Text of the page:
A covert biological weapons (BW) program was operating in the Soviet Union and later the Russian Federation from the early 1920s until the early 1990s. In April of 1992 Russian Federation President Boris Yeltsin “admitted that the Soviet Union and then Russia had conducted a top-secret offensive biological warfare (BW) program in violation of the 1972 Biological and Toxin Weapons Convention banning the development, production, stockpiling, and transfer of these weapons.” (Tucker) After this admission, it had not been possible to verify if the Russian BW program has been completely halted of it part of it is still in operation.
Despite international treaties that banned the development and use of BW, the Soviet Union has always been in violation of these agreements. The Soviet BW program continued to operate even against international treaty that had been their stockpiling and development. The first of these international treaties was the “Geneva Protocol and the Biological and Toxin Weapons Convention (BTWC) in 1992. The Soviet Union signed the BTWC in 1972 and ratified it in 1975, the year the treaty entered into force.” (Russia | Country Profiles | NTI.)
It is estimated that the Soviet BW program may have begun in the 1930s as a result of necessity. Known as the Anti-Plague (AP) system, this system functioned in two phases. The first phase was to identify and treat naturally occurring disease outbreaks. The second phase of the AP program began sometime in the late 1950s or early 1960s; this second phase was for the military application of biological material. It was at this point in the AP phase that BW was being produced for the purpose of use during wartime. Eventually the AP system evolved into something known as the Biopreparat system. Biopreparat was established in the 1970s and was the civilian aspect of the overall Soviet BW system. Those organizations involved in the Biopreparat system would engaged in civilian disease research such as in development of disease vaccines but were also able to transition into military BW facilities if necessary. This system also allowed the Soviet government of have some degree of plausible deniability. The government could claim to be unaware that civilian organizations were conducting BW research in violation of international treaty. The idea that the initial AP system had transitioned into a BW research system and/or was being used to explore military applications of BW weapons occurred. While the AP system had initially been designed to explore civilian disease research and methods to treat naturally occurring disease outbreaks the Soviet government quickly saw a military application for this type of research. While some of this research was allowed to be conducted by civilian organizations the overall program was under the authority of the Ministry of Defense (MOD). As the Soviet system was compartmentalized it is unlikely that anyone outside the highest level of the Soviet government were completely aware that BW research was being conducted at any level (either for civilian or military applications). Keeping this information compartmentalized was a necessity. It would be hard to keep a lid on a covert weapons program is large segments of the population were aware of the weapons development programs.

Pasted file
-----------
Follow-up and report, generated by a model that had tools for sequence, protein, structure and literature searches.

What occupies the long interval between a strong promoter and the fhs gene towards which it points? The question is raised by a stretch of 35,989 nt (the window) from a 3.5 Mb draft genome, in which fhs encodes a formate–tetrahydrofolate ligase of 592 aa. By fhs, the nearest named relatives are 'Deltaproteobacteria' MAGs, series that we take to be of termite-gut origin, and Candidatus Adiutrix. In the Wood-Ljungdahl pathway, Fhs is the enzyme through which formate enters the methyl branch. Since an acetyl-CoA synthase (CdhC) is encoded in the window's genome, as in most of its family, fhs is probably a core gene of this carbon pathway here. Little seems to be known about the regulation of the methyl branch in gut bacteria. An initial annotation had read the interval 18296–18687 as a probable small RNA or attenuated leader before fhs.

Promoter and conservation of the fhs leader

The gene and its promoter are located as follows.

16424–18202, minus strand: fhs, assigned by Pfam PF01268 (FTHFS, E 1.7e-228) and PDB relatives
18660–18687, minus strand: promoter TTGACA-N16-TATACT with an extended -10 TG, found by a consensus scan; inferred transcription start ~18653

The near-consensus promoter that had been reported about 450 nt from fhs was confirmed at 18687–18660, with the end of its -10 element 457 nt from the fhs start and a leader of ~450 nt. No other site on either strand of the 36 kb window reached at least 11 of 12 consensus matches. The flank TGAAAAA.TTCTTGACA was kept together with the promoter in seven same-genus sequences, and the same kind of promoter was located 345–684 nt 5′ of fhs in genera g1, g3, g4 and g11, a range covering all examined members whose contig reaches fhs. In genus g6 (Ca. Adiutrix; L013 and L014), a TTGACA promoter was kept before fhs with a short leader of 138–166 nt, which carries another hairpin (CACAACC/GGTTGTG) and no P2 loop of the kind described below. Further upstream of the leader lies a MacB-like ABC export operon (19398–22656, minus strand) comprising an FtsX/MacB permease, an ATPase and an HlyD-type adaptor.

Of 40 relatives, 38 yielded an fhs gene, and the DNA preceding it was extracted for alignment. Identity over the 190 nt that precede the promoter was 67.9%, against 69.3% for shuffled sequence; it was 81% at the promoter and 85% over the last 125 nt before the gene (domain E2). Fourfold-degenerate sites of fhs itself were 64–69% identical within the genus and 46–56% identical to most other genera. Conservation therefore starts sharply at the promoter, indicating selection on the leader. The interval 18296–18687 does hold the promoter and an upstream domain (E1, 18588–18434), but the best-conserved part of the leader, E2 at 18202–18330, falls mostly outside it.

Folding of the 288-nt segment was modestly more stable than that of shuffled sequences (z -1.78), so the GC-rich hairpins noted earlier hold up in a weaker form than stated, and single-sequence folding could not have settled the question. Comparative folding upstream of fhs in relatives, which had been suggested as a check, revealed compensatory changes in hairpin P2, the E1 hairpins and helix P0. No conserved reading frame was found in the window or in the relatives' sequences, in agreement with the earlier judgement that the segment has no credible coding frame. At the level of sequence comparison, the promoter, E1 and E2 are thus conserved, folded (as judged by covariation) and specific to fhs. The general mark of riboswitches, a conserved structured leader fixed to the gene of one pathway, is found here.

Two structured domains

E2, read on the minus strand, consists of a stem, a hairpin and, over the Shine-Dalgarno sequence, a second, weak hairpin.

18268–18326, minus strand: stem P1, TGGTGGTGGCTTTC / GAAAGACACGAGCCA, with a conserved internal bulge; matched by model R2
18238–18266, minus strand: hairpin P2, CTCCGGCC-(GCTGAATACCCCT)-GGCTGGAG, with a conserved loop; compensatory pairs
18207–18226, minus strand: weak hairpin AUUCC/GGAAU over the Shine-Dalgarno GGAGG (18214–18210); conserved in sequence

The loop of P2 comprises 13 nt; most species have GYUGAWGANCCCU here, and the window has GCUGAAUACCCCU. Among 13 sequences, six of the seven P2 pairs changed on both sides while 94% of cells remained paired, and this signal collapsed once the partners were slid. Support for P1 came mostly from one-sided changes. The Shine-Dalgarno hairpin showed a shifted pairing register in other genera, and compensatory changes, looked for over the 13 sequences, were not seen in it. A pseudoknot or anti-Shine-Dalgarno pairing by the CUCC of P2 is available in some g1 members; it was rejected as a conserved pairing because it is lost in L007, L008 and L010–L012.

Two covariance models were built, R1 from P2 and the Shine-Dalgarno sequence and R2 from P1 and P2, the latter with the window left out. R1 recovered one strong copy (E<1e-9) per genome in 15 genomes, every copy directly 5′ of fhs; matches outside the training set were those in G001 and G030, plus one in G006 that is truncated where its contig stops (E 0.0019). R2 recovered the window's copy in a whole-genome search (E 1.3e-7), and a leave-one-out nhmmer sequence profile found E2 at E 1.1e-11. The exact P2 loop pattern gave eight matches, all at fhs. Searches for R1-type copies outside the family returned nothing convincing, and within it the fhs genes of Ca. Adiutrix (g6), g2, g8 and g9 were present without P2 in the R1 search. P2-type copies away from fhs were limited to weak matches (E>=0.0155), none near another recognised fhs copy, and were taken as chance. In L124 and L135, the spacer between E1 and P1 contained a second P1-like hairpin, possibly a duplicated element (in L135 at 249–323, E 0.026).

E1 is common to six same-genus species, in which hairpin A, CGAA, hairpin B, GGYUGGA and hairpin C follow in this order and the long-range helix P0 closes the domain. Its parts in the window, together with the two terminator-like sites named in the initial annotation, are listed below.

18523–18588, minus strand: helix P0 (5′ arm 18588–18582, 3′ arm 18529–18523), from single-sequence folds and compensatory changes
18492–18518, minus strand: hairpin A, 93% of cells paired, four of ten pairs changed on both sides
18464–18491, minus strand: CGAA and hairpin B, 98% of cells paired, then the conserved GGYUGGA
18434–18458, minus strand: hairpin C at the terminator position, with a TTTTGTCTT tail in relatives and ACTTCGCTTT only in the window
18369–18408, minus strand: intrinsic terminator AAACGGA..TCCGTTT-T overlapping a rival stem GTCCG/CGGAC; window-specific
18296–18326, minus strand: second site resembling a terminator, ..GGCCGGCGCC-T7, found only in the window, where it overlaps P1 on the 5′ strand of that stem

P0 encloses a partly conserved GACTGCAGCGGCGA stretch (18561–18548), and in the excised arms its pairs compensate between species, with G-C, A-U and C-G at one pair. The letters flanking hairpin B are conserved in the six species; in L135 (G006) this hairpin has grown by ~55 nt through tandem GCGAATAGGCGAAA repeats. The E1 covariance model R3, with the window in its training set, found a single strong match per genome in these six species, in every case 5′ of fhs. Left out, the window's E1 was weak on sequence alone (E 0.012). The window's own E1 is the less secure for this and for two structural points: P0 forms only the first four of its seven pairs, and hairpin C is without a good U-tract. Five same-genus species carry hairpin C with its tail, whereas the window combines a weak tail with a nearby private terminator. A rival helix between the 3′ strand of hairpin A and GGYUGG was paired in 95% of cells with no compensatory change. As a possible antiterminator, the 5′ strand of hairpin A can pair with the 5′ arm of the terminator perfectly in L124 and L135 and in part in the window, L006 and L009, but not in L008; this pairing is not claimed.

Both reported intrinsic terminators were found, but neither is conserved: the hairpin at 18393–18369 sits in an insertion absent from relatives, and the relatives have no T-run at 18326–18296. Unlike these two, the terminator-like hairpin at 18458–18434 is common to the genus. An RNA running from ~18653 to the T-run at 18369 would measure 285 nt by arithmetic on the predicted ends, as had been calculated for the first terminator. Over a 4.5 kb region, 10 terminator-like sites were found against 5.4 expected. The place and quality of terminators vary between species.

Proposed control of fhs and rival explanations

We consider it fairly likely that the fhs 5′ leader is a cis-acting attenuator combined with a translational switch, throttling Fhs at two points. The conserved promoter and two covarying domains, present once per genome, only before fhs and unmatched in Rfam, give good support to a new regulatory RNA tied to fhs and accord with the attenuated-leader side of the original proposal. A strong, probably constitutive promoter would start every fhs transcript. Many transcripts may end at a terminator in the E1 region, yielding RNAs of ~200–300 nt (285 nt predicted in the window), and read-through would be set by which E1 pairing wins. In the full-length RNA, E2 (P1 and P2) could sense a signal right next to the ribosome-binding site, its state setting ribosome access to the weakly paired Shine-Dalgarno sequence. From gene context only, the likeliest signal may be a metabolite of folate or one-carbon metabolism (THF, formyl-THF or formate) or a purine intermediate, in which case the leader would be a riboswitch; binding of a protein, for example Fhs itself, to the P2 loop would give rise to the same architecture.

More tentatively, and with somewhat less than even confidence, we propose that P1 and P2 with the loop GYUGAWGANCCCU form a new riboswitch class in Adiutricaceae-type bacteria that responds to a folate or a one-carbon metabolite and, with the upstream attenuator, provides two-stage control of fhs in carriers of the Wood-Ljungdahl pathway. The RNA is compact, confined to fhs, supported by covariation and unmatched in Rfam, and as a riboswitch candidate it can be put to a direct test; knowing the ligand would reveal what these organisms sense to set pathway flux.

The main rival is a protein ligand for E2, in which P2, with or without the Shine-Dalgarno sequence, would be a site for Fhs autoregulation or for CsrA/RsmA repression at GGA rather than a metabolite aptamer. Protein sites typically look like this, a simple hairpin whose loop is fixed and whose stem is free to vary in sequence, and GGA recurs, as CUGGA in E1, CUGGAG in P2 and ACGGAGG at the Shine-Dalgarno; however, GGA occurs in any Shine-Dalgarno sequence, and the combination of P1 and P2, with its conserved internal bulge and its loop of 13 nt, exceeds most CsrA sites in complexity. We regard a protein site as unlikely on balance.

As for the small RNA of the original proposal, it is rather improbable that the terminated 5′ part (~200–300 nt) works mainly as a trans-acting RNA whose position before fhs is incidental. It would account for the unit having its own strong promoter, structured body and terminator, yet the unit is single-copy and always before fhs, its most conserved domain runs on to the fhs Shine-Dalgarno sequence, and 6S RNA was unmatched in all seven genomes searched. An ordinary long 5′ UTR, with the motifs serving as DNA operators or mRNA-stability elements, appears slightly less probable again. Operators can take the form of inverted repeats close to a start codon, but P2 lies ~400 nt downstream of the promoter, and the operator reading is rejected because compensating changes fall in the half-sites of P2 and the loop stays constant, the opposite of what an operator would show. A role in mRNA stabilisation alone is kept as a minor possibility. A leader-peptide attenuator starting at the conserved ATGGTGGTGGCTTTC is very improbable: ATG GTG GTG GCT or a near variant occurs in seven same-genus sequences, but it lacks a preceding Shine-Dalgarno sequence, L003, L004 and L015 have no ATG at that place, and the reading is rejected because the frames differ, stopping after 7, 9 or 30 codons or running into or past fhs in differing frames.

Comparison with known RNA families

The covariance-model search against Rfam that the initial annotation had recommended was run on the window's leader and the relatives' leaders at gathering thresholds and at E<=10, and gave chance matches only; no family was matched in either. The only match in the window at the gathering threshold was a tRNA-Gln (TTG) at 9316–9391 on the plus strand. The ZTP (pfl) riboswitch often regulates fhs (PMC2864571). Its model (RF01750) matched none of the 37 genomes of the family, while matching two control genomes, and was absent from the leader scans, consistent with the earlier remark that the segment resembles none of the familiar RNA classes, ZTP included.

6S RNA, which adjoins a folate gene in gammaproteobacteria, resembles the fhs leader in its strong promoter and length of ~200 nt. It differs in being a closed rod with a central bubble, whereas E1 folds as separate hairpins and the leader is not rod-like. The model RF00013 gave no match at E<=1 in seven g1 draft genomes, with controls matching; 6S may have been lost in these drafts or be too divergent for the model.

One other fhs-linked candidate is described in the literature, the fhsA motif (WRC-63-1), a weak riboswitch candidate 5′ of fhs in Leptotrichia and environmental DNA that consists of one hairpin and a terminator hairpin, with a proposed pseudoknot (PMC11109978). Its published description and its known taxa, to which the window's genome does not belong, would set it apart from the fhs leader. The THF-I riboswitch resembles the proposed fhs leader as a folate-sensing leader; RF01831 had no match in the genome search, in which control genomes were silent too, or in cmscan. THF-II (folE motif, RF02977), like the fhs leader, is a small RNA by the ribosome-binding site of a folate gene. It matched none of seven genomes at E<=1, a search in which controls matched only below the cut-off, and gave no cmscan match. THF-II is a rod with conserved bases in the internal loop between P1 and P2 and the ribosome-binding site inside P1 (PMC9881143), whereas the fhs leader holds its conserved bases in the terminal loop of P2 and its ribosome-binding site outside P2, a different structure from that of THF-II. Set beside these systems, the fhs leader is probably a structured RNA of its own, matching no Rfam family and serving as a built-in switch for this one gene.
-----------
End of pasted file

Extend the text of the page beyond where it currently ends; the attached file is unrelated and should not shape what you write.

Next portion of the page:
Intelligence about the Soviet BW program began to come to light in the 1980s and continued into the 1990s through several high level defections to the United States and the United Kingdom. The first of these defections occurred in “1989... Vladimir Pasechnik, a Soviet bioweaponeer who worked in Leningrad at the Institute of Ultra-Pure Biopreparations (one of the Biopreparat facilities), defected to the United Kingdom. Pasechnik's descriptions of the incredible scale and scope of the Soviet BW program alerted the United States and the United Kingdom to the fact that they had underestimated the Soviet BTWC violation.” (Russia | Country Profiles | NTI.) During this period Ken Alibek also known as Kanatzhan (Kanat) Alibekov former director of the Soviet Biopreparat Program defected to the United States in 1992. The stated goal of Biopreparat was “of the Bioprepart program was development of BW capabilities that could be used in a strategic/operational mode against the United States.” (Moodie)